Students in registered nursing programs learn to perform diagnostic tests, identify illnesses, assist physicians and follow-up with patients. All of these programs include lecture-based courses and extensive clinical components to prepare students for the National Council Licensure Examination (NCLEX-RN). Admission requirements for these programs usually include a high school diploma or GED, along with qualifying minimum GPAs and standardized test scores.
Diploma in Registered Nursing
A registered nursing diploma program is a hospital-based program that can be beneficial to those who prefer extensive hands-on experience over classroom learning. During a hospital-based program, prospective nurses receive extra training in patient care, as well as spend more time around doctors and other hospital personnel.
In addition to extensive hands-on practical training, classes in a nursing diploma program may include:
- Introduction to nursing
- Adult patient care
- Anatomy and physiology
- Advanced nursing practice
Associate of Science in Nursing
An associate's degree program in nursing focuses on patient care and ethical and legal standards in nursing. Throughout the program, students receive classroom instruction in courses such as anatomy and chemistry. Students will also participate in supervised clinical work in real-world healthcare settings. They will practice identifying conditions in patients, reading and understanding medical documents and performing tests and other medical procedures on patients.
Typical coursework in an Associate of Science in Nursing program includes:
- Foundations of nursing
- Math for nursing
Bachelor of Science in Nursing
Students who wish to go straight into a 4-year university, or those who have graduated from a 2-year degree program at a technical school or college, might consider enrolling in a Bachelor of Science in Nursing program. Students learn to treat a range of patients, including infants, mentally ill patients and the elderly, during clinical practice under professional supervision. Additionally, a bachelor's degree program in nursing provides students with extensive practice and preparation for the NCLEX.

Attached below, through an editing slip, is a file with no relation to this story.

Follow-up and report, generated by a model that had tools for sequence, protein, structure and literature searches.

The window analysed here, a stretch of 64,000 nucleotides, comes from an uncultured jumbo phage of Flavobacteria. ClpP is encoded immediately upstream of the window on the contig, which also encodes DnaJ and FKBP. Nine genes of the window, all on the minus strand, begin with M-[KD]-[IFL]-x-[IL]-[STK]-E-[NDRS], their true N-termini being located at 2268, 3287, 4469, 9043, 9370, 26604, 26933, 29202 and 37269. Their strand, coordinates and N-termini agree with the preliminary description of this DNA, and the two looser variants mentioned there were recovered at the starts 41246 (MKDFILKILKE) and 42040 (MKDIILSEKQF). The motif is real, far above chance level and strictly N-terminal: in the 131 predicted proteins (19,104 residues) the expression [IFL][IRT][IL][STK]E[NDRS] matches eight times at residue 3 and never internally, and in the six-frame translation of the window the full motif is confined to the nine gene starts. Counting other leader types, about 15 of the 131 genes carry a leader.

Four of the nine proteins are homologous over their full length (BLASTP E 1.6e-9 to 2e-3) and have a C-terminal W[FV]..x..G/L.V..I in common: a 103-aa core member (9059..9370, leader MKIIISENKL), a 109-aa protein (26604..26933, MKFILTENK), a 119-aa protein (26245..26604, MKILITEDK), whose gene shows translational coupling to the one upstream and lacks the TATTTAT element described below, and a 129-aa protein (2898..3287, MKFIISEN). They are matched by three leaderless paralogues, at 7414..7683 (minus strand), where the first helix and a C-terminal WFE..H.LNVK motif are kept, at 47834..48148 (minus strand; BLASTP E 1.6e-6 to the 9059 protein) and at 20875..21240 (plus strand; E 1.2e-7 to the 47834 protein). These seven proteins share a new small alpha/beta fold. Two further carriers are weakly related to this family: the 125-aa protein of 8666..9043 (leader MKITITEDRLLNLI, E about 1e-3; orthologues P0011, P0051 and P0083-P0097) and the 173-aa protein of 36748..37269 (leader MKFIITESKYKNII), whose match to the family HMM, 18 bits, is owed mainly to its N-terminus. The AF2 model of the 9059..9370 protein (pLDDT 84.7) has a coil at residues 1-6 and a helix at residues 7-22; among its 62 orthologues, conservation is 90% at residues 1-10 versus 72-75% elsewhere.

Courses in a Bachelor of Science in Nursing program may include:
- Surgical nursing
- Psychiatric nursing
- Health assessments for adults
- Pediatric nursing
- Nursing leadership
Possible Career Options
Registered nurses with an Associate of Science in Nursing can work in a variety of medical settings, including:
- Doctor's offices
- Outpatient centers
- Home healthcare
- Nursing homes
Registered nurses with a Bachelor of Science in Nursing can work in all the same medical settings as those with an associate's degree in nursing.
Practicing RNs who are interested in furthering their expertise in the field, as well as those who wish to advance to a higher-paying position, may consider gaining their nurse practitioner master's degree.
A nurse practitioner master's program allows graduate students to specialize in a number of areas, including cardiovascular care, critical care, adult care, behavioral health, or pediatric care. A licensed nurse practitioner may be able to prescribe medications to patients depending on local laws and regulations.
Employment Outlook and Salary Information
According to the U.S. Bureau of Labor Statistics (BLS), there were about 2,751,000 employed registered nurses in 2015, with roughly 61% working in medical and surgical hospitals. With many areas of the country showing a demand for registered nurses, future job opportunities for RNs are expected to be good. In fact, the BLS predicted a 16% increase in employment openings from 2014-2024. The median salary for an RN in May 2015 was $67,490.
Much of the education for RN programs comes through hands-on experience as opposed to the classroom, and aspiring RNs can look into diploma programs, associate's programs and bachelor's programs for their training. Graduates can look forward to good job prospects, and they can also pursue nurse practitioner degrees in order to further their careers.